DR Congo displaced people face deadly effects of chronic underfunding


UNHCR, the UN Refugee Agency, is warning that massive funding gaps are threatening hundreds of thousands of lives in the Democratic Republic of the Congo, where surging violence and COVID-19 are exacerbating already dire conditions for millions of forcibly displaced people.

UNHCR spokesperson Babar Baloch said that as of June 07, DRC has recorded 4,105 confirmed cases of COVID-19 – the second largest number in the Southern Africa region while at the same time, surging violence is uprooting hundreds of thousands more people in the east of the country.

Baloch is warning that without an urgent injection of cash, underfunding will have a devastating impact on critical lifesaving humanitarian programmes. He said that activities to assist and protect the refugees and the displaced are only 20% funded of the US$168 million needed.

“This gap is seriously undermining our response to bring aid to the multiple humanitarian emergencies, leaving many vulnerable without food, water, shelter, health and hygiene facilities amid a rapid spread of COVID-19 across the country,” Baloch said.

People uprooted in DR Congo by repeated cycles of conflict, represent Africa’s largest internal displacement situation – 10% of the global numbers of internally displaced people.

Over the past few months, hundreds of thousands more people have been displaced in eastern and northern DRC following brutal attacks by various armed groups, intercommunal violence and natural disasters.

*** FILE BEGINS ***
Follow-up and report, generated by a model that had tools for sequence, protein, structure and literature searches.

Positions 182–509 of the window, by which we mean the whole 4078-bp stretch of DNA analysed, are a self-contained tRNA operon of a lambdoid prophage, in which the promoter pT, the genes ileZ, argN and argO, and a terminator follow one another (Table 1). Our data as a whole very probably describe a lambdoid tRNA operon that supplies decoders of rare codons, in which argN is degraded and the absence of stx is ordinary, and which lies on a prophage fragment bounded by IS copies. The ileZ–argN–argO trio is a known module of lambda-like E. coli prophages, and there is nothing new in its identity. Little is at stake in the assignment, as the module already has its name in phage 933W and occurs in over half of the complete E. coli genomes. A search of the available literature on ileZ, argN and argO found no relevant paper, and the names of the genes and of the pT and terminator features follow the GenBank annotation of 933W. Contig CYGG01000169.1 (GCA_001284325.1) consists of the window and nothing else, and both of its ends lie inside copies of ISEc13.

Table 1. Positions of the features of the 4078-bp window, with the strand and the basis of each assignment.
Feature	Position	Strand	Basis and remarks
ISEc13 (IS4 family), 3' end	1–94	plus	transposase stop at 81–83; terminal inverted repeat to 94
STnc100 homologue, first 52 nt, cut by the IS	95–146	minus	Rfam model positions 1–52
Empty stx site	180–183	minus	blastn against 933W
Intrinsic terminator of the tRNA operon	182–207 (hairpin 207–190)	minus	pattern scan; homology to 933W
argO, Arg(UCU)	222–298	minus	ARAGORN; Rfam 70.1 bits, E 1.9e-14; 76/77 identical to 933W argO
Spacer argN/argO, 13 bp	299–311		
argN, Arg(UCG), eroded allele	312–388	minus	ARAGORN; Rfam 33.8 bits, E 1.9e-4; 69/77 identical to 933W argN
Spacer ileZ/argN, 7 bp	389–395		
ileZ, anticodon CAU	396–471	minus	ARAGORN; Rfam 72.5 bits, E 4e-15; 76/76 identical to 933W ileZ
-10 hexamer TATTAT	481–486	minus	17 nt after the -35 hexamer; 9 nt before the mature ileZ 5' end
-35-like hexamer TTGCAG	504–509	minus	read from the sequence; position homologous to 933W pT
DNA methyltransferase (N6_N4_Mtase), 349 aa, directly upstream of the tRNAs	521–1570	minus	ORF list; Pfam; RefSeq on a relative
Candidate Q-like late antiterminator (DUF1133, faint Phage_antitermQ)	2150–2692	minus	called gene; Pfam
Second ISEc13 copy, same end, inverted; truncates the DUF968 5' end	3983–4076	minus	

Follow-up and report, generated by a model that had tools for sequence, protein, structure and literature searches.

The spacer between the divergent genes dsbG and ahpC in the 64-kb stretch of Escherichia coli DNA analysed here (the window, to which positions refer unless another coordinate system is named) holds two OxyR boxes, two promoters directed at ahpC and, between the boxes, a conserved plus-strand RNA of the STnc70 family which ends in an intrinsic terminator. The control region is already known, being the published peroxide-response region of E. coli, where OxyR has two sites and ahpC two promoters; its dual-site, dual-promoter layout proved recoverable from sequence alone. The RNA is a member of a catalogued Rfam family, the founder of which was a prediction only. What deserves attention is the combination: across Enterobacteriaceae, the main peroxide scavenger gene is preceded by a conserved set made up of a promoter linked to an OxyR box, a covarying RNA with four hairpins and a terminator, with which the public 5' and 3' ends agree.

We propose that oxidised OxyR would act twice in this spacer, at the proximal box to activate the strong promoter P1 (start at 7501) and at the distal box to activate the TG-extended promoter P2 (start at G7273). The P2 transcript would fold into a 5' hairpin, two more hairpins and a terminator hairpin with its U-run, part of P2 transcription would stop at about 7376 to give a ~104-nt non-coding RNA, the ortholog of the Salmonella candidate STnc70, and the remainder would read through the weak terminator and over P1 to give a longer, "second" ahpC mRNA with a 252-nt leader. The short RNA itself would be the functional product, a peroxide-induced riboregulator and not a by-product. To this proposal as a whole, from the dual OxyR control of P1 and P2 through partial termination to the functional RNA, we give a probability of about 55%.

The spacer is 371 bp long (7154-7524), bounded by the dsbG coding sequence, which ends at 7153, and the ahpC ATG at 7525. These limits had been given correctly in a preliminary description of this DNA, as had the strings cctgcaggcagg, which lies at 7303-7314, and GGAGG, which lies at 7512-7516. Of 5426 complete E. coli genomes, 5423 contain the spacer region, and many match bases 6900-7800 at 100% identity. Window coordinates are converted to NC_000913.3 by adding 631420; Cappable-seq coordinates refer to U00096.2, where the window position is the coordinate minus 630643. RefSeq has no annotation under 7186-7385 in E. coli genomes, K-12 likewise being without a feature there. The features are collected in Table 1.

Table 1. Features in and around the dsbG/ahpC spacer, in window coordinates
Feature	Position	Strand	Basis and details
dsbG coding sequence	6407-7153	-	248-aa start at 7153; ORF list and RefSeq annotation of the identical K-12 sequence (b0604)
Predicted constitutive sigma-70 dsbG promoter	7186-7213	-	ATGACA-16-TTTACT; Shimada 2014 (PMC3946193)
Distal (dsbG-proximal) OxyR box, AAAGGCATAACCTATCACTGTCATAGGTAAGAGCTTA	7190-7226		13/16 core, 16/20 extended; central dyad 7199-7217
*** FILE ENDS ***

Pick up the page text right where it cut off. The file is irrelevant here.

The country also hosts over half a million refugees – mainly from Rwanda, Burundi, the Central African Republic (CAR), and South Sudan.

Baloch said UNHCR is forced to make difficult choices that result in many of those in dire need not getting the assistance they require.

“We are working to help the most vulnerable to the extent possible, minimum standards in health, water and sanitation, education and other basic needs are often hard to meet with limited resources available for all populations,” Baloch continued.

In South Ubangi’s Mole refugee camp, additional resources are needed to ensure that 15,000 refugees from CAR have access to the minimum water requirement of 20 litres per person per day. This is particularly important now, when, in addition to the COVID-19 pandemic, refugees and their hosts communities need potable water to protect them against endemic cholera and what is now the world’s longest running measles crisis.

Current available funding also limits UNHCR’s interventions to support the 120,000 refugees from the CAR living outside of camps, who constitute about 70% of refugees from CAR in the DRC.

Baloch said the continued underfunding undermines UNHCR’s shelter programmes, and specifically its work to decongest displaced sites and hosting areas. He said more funding is needed to provide durable housing solutions which will contribute to reduce public health risks.

The outbreak of COVID-19 further aggravates the risks faced by displaced families who are unable to return home due to the ongoing violence, and who often live in overcrowded displacement sites or with impoverished host families.

“We have just received US$ 400,000 for COVID-19 prevention measures in DRC,” Baloch ended. (Source: UNHCR)